by Art Piccio . January 15th, 2014
One mistake that even the best of us make is to confuse intelligence with wisdom or maturity. Even worse is when we fall victim to the Dunning-Kruger effect and totally misunderstand what it is we do or don’t know.
Even when we hold all the cards, the right bit advice can be welcome. The problem is, many of us don’t really give that much thought about the advice we get.
You can’t expect most CEOs or managers to be as ready to address questions as a priest or a guidance counselor. Depending on whom you’re asking, you may want to try a different approach.
The same principle applies when it’s time to interpret their advice. For instance the same strategies that worked well a generation ago may work differently today. If you’re doing something new, don’t expect people who’ve made it big a generation ago to understand you more than those in your immediate peer group.
It’s not necessarily about age either. It’s more of one’s ability to separate what parts were them just being lucky, and which ones were a direct result of their work.
Someone who’s invested a lot of time in a certain approach may understandably, feel that they’ve found a specific recipe for success when in fact it was only a recipe for a short time. It’s important to separate important insights from things that are just unsupportable, deeply-held opinions. This is much easier said than done.
Perhaps this is better couched in a non-business example.
Say, you have a problem with a significant other and you tell a close friend about it. Let’s say you got a bit carried away and said all sorts of negative things. Even if at some point in the future, you and your significant other resolve your issues, your friend’s idea that a problem exists might not go away. They’d probably tell other people too. This can make it difficult in situations where your friend will need to interact with you and your partner.
The very act of asking for advice will color your mentor’s ideas about you and your business, depending on how you ask for it, and depending on what kind of person they are. This is the way rumors and potentially harmful ideas about you and your enterprise spread and develop.
We’re not saying you shouldn’t ask for advice. Just be more picky about the kind of people you talk to.
While it might make sense to ask someone with the right qualifications when face with a technical issue, people with the similar achievements in the same field can have totally different approaches to problems solving. It’s important to understand how your chosen mentor approaches problems, more than their raw technical expertise or even their accumulated experience.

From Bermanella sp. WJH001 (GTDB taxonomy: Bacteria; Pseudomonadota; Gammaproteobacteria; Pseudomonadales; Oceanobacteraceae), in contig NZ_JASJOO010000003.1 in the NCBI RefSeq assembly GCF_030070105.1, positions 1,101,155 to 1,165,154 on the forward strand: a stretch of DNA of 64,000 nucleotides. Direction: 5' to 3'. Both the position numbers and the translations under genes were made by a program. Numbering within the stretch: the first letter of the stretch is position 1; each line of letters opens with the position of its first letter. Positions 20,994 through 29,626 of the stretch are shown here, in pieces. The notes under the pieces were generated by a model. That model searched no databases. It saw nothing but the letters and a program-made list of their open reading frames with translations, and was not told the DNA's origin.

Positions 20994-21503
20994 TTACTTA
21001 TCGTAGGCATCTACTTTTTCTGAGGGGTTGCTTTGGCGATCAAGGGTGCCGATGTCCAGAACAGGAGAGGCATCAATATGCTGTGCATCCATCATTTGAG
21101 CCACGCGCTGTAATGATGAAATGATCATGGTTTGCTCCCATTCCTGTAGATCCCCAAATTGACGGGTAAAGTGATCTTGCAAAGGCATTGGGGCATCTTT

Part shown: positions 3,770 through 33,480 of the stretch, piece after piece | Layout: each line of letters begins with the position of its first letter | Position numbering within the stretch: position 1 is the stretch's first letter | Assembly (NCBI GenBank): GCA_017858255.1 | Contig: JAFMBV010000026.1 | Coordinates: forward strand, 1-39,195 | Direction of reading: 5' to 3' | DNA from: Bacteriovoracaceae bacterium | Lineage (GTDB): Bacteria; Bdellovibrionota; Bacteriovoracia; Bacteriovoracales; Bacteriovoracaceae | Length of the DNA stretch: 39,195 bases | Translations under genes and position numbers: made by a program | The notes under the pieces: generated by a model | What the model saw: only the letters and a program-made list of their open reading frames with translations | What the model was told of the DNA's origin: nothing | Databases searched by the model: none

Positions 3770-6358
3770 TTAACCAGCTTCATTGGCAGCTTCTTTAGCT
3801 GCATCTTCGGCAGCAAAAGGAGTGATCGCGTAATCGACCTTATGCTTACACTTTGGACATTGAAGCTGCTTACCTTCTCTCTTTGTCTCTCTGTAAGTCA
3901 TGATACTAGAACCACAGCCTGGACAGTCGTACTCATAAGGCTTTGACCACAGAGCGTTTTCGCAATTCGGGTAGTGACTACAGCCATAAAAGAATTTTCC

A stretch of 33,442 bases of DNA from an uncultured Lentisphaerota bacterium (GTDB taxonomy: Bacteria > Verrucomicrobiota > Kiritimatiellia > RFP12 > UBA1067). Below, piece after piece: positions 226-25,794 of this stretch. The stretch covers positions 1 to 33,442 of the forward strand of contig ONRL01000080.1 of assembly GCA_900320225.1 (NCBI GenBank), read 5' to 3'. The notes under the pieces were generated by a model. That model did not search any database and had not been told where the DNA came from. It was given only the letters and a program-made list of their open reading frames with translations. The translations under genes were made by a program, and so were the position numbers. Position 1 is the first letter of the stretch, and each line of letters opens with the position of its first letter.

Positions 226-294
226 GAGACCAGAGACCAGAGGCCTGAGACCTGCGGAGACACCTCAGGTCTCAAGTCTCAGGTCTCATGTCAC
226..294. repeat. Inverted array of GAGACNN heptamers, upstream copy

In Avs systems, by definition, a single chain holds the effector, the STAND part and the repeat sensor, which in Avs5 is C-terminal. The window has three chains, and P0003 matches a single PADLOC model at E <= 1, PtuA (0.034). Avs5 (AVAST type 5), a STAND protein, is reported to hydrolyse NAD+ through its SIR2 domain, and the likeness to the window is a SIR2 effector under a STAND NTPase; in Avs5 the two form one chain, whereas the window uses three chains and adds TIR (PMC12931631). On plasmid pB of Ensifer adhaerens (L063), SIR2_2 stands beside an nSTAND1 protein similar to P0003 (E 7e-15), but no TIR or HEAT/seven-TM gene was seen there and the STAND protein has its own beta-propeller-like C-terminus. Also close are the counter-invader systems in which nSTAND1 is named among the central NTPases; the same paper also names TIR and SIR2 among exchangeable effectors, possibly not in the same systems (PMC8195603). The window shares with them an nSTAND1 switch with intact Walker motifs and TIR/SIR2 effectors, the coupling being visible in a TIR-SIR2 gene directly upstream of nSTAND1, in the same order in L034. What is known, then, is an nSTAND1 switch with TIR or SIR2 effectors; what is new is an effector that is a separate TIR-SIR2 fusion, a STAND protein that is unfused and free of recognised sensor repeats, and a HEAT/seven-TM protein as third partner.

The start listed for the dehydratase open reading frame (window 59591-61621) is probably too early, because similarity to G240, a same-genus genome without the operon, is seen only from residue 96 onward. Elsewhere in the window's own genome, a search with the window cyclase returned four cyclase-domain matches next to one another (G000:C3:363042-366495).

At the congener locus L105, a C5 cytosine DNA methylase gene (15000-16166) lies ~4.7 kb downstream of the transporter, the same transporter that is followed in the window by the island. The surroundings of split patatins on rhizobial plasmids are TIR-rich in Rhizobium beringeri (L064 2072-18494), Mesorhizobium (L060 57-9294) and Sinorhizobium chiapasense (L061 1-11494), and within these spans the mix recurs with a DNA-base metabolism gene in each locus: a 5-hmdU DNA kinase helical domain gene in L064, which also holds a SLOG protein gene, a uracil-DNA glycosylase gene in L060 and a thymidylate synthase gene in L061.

Are they more like a fox, or a hedgehog? Do they take things as they come like MacGyver or plan for every little contingency like Batman? Do they take calculated risks, or are just gamblers? Did they grow successful in conditions conducive to success? Are they straight arrows, or do they bend the rules? Are they above breaking the rules to get things done? Successful people and potential mentors belong along the whole range of practical and moral spectra.
Once you’ve understood a potential adviser’s approach, you could better gauge if their ideas are a good fit for whatever you’ve got cooking.
Why are you asking someone for advice? Deep down, are you just trying to delay a decision you’ll have to do anyway? Do you just want reaffirmation for something your already believe in?
We’re not saying that’s not cool, but you have to be aware of why you’re asking in the first place. If there’s no good reason to, just go on with whatever options you have. NONE of them will ever be perfect anyway.
It’s best to assume that whomever you’re asking advice from is busy. Unless you’re sure they’re psychic, make sure you don’t waste anyone’s time with sloppy or imprecise questions. Even if they were helpful, the principle of “Garbage in, Garbage out” applies.
While it’s in your interest to be concise, don’t forget to thank whoever you’re asking advice from. Courtesy goes a long way – especially in an oftentimes overly casual world.
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Arthur Piccio manages YouTheEntrepreneur and has managed content for major players in the online printing industry. He was previously BizSugar's contributor of the week. His work has appeared multiple times on The New York Times' You're the Boss Small Business Blog. He enjoys guitar maintenance and reading up on history and psychology in his spare time.
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